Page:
Sioux Falls health care increases with population growth

SIOUX FALLS, SD (KELO) – The population of Sioux Falls hit a major milestone this year, surpassing 200,000 for the first time.

City leaders say the milestone is due to an additional 6,750 people moving to Sioux Falls last year, adding to the steady 2-3% growth the city has seen each year for over of a decade.

“The growth of this city is so incredible,” said Avera McKennan Hospital and University Center CEO David Flicek.

“It’s been really explosive if you think about it,” said Sanford Health vice president of operations Andy Munce.

Unprecedented population growth in the midst of a historic period in health care.

“Not only has Sioux Falls grown exponentially, it’s happened during and through a pandemic,” Munce said.

The combination of these two factors has meant a lot more work for anyone in healthcare.

“We’ve had an interesting last two years during the pandemic,” Flicek said. “There was a time when no one came to the emergency room, then there is a time when it overflows. Our emergency department closes at 9:00 p.m., there were times when it was open until 11:30 p.m. at night because there were so many patients arriving.

“Over the past two years, our walking volumes have increased by 20 to 40 percent,” Munce said.

This has led to longer wait times, especially for some specialty areas of health care, but Avera Health and Sanford Health in Sioux Falls are doing everything they can to keep up with the growth.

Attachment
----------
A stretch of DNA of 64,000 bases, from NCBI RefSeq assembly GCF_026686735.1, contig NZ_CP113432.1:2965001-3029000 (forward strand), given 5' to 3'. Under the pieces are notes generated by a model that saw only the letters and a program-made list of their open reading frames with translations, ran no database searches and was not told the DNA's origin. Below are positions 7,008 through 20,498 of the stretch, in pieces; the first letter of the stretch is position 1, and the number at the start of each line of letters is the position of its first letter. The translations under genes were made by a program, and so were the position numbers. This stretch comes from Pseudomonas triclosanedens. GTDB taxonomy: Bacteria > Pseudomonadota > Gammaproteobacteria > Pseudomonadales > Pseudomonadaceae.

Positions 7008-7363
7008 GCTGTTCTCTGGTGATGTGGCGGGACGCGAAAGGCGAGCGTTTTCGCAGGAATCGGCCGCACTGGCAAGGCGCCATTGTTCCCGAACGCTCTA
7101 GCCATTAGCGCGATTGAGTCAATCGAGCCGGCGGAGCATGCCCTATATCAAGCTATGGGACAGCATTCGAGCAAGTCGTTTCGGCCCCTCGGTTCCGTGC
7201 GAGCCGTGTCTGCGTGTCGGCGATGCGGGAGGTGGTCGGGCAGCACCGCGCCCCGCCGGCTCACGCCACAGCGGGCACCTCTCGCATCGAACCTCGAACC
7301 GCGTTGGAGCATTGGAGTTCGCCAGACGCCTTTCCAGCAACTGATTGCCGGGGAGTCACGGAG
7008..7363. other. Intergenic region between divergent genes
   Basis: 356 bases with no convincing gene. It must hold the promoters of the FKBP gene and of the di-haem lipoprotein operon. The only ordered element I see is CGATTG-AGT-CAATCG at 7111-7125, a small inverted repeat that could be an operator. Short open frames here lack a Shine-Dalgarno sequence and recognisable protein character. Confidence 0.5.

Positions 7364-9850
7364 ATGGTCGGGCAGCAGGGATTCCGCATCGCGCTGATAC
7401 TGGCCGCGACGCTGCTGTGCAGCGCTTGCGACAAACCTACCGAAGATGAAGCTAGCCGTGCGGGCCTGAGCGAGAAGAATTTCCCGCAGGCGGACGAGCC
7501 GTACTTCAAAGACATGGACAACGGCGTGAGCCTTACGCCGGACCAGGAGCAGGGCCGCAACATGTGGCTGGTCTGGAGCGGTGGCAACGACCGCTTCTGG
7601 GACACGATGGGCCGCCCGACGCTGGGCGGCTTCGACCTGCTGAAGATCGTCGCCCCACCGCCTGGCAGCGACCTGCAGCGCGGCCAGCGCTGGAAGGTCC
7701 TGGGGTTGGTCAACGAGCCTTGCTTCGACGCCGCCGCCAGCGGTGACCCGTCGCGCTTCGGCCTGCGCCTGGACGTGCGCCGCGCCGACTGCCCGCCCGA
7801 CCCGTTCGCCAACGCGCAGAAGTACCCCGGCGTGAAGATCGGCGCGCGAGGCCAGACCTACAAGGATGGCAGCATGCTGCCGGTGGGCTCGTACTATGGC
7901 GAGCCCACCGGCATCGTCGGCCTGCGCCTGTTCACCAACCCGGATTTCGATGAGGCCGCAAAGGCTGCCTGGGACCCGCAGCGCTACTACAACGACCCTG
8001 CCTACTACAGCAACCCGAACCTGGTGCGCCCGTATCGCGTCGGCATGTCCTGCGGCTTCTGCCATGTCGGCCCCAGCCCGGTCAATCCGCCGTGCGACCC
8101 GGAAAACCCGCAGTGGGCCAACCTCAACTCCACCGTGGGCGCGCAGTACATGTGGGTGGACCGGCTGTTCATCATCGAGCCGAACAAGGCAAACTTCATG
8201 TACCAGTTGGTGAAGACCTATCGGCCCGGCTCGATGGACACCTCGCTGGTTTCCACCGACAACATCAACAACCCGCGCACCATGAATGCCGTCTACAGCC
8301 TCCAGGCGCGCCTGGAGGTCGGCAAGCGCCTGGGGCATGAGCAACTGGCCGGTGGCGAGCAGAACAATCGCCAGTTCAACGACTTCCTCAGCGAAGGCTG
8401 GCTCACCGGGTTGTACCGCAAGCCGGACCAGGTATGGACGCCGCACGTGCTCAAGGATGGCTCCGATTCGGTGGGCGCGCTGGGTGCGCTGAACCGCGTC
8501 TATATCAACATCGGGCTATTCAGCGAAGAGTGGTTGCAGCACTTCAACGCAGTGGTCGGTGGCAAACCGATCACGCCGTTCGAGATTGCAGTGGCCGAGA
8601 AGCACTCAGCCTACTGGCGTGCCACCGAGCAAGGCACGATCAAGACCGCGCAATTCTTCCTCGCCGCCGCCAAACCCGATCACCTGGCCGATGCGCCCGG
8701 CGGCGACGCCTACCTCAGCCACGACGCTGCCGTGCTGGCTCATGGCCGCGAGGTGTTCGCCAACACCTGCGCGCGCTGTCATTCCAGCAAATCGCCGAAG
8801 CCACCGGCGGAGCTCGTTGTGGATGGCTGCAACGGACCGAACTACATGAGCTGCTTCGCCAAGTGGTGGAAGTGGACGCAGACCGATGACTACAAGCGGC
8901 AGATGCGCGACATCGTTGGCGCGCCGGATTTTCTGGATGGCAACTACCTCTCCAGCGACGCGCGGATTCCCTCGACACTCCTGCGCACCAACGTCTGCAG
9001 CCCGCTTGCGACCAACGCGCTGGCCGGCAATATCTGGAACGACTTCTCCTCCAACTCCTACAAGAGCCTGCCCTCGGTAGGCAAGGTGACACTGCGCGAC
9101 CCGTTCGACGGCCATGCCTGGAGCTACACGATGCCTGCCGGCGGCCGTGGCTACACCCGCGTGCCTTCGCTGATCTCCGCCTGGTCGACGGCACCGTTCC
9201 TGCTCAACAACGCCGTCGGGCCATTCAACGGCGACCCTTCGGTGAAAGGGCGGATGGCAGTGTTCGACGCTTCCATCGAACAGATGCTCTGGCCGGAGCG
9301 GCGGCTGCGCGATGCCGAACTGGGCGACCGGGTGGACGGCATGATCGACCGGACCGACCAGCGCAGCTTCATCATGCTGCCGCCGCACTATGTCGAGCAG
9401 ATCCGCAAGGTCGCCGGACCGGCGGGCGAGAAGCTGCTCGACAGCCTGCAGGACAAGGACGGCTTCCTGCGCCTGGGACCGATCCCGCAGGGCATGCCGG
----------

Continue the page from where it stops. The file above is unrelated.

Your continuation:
“Overall, I would say we were able to meet the demands of patients in this community,” Flicek said.

This is largely due to the long-term strategic planning that both health systems are constantly updating to ensure they have enough space to continue to serve new patients moving into town.

“Over the past two years, you’ve seen a lot of projects or announcements that Sanford Health has moved forward with, that’s the result of that planning,” Munce said.

Munce recently announced the grand opening of a new medical building on Sanford Central Campus, adding hundreds of parking spaces and an expanded GI clinic.

Sanford is also building a new clinic in Harrisburg that is expected to open this fall with plans to begin construction on another clinic on the northeast side of Sioux Falls. This growth continues the past five years of additions to Sanford’s facilities in the Sioux Falls area.